Developing fundamentals and learning proper mechanics dramatically reduces the chances for injury, according to a pair of medical experts who work with NFL and college football players.
These are critical ingredients for a better, safer sports experience and too often overlooked in current news stories that discuss football injuries, including concussion, said Dr. Patrick Kersey of Indianapolis-based St. Vincent Sports Medicine and Dr. Kevin Guskiewicz of the University of North Carolina Concussion Research Center.
Parents need to see the big picture. Remember that youth sports is not the end in itself. In fact, sports in general is not the end in itself.
Sports are fun and provide opportunities for the future, but nothing is more important than who you and your child become in the process.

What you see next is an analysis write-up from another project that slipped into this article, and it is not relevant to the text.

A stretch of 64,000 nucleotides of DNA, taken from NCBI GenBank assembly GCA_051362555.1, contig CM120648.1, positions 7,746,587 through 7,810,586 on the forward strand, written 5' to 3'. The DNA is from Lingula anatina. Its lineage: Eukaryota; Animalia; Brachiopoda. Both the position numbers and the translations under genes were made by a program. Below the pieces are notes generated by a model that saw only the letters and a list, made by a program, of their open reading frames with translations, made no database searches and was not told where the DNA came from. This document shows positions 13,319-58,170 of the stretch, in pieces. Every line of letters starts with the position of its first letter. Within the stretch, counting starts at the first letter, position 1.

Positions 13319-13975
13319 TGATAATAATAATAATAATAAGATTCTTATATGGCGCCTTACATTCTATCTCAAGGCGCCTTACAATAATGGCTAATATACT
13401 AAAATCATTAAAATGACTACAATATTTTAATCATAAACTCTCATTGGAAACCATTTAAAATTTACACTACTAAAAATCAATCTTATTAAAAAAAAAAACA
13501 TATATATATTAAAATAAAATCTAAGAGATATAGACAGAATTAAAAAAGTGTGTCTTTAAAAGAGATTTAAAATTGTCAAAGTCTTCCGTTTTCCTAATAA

Here are nine rules for positive sports parenting.
As warm weather approaches, football players and coaches are starting to pull out the helmets, shoulder pads, blocking shields and lesson plans for spring workouts.
One key to a good football practice is proper hydration.
Throughout training – including before, during and after – players and coaches both must focus on maintaining adequate hydration levels. Drinking plenty of fluids and staying well-hydrated benefits onfield performance while reducing the risk of heat stress or illness.